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How to protect yourself from a bear attack while hiking in spring season
K2, the Great white Kuvasz, was on the leash and hiking about 6 meters (6 yards) ahead of me. It was a typical July hike on the side trail leading to Halfway Log Dump of the main Bruce Trail of the Bruce Peninsula National Park.
Hiking toward the lakeshore was pleasant and offered no incident. We reached the beautiful but empty lakeshore and after a few selfies, I decided to return.
It turned hot and humid. I began to sweat profusely. The smell of wildflowers and my sweat drenched T-shirt fused together into something that was undefinable. I had my eyes on the trail itself as trees had their roots spreading out on the soil surface like serpents, trying to get a hold of anything they could find. I didn't want to hurt my toes by hitting a protruding root.
The sound of the waves breaking on the rocky shores gave way to total silence where I could hear the swishing of my clothes and thudding of the hiking boots in a vast expanse of timelessness. Occasionally, a gull flew overhead asking for a morsel of food.
And then there is was. Turning a bend K2 stopped in his tracks looking straight ahead with a cautious look, ears cocked backwards. When I reached him, I was overwhelmed by the site too. There, just 20 meters ahead on the trail, stood a black bear looking at us.
I was really fortunate
All three of us had just frozen. I begged K2 in my heart not to make any move.
For the first time in my hiking adventure I realized how unprepared I was for such an occasion. I had no hiking sticks to act as a defense tool, no bear pepper spray, no advance warning to bear on our approaching it , e.g. having a bear bell on my backpack or on K2 to let bear know that an intruder is coming, etc.. In addition, I was holding leash of a puppy, who wasn't trained for such an encounter and could have irked the bear by making a sudden move.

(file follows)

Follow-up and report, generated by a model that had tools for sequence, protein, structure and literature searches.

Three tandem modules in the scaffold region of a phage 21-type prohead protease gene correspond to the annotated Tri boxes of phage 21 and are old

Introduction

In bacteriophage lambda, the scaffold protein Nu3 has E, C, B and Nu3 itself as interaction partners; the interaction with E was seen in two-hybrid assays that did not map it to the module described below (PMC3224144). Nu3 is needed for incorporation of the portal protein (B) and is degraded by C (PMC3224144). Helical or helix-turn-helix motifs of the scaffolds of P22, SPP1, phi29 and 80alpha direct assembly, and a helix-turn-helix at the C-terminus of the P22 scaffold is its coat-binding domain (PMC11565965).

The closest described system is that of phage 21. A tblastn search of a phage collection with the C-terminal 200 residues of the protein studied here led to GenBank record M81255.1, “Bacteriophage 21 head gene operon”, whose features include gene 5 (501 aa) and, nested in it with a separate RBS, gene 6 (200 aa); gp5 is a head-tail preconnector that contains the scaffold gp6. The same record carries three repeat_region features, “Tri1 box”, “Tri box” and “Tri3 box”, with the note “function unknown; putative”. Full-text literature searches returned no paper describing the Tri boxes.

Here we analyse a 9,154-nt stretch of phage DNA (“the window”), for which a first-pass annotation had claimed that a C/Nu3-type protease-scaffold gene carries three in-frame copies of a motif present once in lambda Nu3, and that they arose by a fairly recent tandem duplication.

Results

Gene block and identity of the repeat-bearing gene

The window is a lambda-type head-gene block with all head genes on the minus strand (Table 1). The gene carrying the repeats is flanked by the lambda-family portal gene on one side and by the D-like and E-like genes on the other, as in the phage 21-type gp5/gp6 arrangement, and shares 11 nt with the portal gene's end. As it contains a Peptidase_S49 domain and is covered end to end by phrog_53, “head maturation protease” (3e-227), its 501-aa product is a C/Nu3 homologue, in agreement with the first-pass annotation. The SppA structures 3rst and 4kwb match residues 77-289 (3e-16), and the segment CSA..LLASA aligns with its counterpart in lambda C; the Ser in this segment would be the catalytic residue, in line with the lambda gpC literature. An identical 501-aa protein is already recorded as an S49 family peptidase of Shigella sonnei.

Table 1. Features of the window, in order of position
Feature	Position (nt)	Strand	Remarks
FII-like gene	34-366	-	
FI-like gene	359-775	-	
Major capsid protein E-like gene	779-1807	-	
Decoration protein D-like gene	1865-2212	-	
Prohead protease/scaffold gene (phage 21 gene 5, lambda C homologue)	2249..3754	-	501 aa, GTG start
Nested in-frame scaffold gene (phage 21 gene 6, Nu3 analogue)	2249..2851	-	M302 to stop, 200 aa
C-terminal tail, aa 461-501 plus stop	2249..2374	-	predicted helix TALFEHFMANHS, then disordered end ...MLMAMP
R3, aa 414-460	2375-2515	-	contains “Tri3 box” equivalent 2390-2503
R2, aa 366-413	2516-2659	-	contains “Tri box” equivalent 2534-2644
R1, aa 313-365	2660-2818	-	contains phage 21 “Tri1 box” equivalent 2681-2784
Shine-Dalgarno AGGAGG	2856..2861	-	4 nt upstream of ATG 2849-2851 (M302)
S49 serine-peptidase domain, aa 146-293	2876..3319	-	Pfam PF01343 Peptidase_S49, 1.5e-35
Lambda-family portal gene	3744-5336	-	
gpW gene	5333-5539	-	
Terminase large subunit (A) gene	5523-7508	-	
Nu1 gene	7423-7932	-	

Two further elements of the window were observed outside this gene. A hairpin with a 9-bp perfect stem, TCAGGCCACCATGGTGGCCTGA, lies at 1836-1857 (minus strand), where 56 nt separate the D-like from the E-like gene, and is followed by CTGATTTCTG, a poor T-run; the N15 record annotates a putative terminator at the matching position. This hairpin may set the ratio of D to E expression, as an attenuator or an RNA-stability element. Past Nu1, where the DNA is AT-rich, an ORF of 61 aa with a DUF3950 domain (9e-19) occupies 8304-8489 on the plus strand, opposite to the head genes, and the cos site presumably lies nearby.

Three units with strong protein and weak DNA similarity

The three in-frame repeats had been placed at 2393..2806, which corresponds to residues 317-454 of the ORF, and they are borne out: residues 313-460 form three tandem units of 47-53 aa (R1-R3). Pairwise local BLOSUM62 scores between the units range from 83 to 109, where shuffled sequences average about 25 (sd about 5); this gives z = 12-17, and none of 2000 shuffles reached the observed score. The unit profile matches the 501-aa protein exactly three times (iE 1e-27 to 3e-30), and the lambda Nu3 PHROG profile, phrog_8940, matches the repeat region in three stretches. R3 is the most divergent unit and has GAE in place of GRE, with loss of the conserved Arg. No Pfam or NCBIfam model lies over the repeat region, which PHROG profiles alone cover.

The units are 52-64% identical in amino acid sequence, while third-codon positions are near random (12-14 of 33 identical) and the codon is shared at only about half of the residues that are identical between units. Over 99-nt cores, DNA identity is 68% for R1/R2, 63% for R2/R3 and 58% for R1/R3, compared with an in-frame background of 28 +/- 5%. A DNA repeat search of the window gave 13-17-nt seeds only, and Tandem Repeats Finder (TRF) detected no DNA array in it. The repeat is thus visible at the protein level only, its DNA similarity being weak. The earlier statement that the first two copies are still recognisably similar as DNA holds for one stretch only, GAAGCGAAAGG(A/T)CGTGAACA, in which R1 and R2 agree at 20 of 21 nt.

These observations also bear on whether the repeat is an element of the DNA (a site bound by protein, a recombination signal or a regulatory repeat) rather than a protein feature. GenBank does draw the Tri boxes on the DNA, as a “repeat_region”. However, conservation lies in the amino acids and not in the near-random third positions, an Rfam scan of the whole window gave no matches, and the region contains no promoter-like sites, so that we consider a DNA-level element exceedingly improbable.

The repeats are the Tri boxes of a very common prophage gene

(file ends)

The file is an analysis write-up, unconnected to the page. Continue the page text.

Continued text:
Having a big puppy on the leash had an advantage, as it turned out. I could restrain him from making an aggressive move. And if bear attacked, I could have let him go to at least act as a deterrence, or so I hoped.
It all turned out well. The bear decided to break the stalemate. It moved off the trail and disppeared in the thick undergrowth.
Risk of having a dog off leash
if K2 were off leash, there was a possibility of it running toward the bear and harassing it. Approaching a bear like that could have dangerous consequences. There was a possibility that if the bear counter-attacked, K2 would have taken to heels and brought the bear to me.
See the video here on how a dog brought an unfriendly denizen of the forest back to its owner.
Bear encounters in spring season
Early spring to mid-spring, depending upon the region, in the bear country can also be life threatening. Both grizzlies and black bears are reported to initiate predatory attacks during this time of the year. The reason is that they have just come out of hibernation and they need to fill in their depleted energy resources quickly.